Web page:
Another standout was offered as an "intermezzo." Our server placed a small spoon before us. In it sat a lovely ginger and jalapeno sorbet, dolloped into a bit of cucumber vodka. This was literally one bite of food, but not one we're likely to forget soon. The punch of flavor was phenomenal, heightened by alcohol and smoothed by its own coolness.

click to enlarge SPLENDID PRESENTATION: The pork medallions wow.
  • SPLENDID PRESENTATION: The pork medallions wow.

Next came pork medallions seasoned with a cocoa and coffee rub. The potatoes and asparagus were solid sides, but the pork was beautiful. The seasoning, which promised by its own description to be overpowering, was tastefully done. The meat itself was tender and perfectly cooked.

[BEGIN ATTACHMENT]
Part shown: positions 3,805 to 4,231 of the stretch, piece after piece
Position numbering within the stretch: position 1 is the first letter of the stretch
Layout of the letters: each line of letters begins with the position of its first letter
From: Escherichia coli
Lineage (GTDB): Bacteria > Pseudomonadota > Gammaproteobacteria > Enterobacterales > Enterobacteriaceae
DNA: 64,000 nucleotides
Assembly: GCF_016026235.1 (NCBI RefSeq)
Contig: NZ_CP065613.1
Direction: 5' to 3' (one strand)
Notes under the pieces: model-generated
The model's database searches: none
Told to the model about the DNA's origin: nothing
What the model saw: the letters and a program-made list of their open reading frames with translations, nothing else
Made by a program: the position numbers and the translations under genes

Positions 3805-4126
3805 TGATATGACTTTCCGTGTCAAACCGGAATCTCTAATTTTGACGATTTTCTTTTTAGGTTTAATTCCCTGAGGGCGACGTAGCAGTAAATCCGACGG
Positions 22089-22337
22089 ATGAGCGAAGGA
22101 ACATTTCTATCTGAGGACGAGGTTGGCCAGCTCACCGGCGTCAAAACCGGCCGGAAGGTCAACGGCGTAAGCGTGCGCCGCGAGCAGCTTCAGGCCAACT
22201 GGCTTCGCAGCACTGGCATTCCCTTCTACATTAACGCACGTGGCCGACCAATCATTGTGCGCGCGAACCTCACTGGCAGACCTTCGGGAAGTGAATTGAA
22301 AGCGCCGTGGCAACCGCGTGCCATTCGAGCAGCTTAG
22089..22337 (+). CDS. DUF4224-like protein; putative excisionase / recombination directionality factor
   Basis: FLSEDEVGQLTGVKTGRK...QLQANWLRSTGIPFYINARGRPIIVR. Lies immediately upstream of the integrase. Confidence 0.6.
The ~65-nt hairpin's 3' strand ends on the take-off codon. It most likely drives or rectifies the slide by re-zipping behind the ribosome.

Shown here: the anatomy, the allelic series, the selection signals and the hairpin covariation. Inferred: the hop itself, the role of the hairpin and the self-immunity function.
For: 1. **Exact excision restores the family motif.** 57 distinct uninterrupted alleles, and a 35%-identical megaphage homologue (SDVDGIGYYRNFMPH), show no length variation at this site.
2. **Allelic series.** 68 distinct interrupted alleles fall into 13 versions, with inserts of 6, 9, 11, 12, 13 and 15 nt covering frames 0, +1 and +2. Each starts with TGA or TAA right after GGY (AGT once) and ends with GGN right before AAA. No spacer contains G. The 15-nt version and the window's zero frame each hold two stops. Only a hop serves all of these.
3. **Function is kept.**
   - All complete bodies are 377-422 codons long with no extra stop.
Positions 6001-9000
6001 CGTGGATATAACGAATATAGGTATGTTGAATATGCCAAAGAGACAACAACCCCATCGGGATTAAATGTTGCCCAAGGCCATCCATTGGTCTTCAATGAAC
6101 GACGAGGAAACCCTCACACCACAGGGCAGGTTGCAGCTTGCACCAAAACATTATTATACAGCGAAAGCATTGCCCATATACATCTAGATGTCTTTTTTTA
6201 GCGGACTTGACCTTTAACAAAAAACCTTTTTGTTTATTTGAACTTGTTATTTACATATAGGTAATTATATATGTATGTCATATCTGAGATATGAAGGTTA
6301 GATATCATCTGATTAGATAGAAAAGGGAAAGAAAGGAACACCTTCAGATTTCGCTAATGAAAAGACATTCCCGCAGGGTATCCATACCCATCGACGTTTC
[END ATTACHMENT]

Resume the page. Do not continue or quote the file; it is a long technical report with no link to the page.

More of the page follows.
We were looking forward to the dessert from the moment we booked the reservations: a strawberry vol-au-vent, or puff pastry, stuffed with Grand Marnier custard cream. "Light" doesn't quite cut it. It was airy, buttery, creamy, orange-tinged and all-around delicious. A delectable end to a meal served and prepared well.

Le Stick Nouveau
63 Spring St. (below the Hotel New Orleans)
Eureka Springs



Anything on the wine list is sure to be a winner. If you're not sure what bottle or glass lines up with your tastes, the staff is knowledgeable. They'll point you in the right direction. After having the vol-au-vent, we'd trust this chef with any dessert on the menu, so save room.


5 p.m. to 9 p.m. Wednesday through Sunday, closed Monday and Tuesday.


Credit cards accepted, full bar.



Subscribe to this thread:

Add a comment

Readers also liked…

Most Shared

  • World leaders set to meet in Little Rock on resource access and sustainable development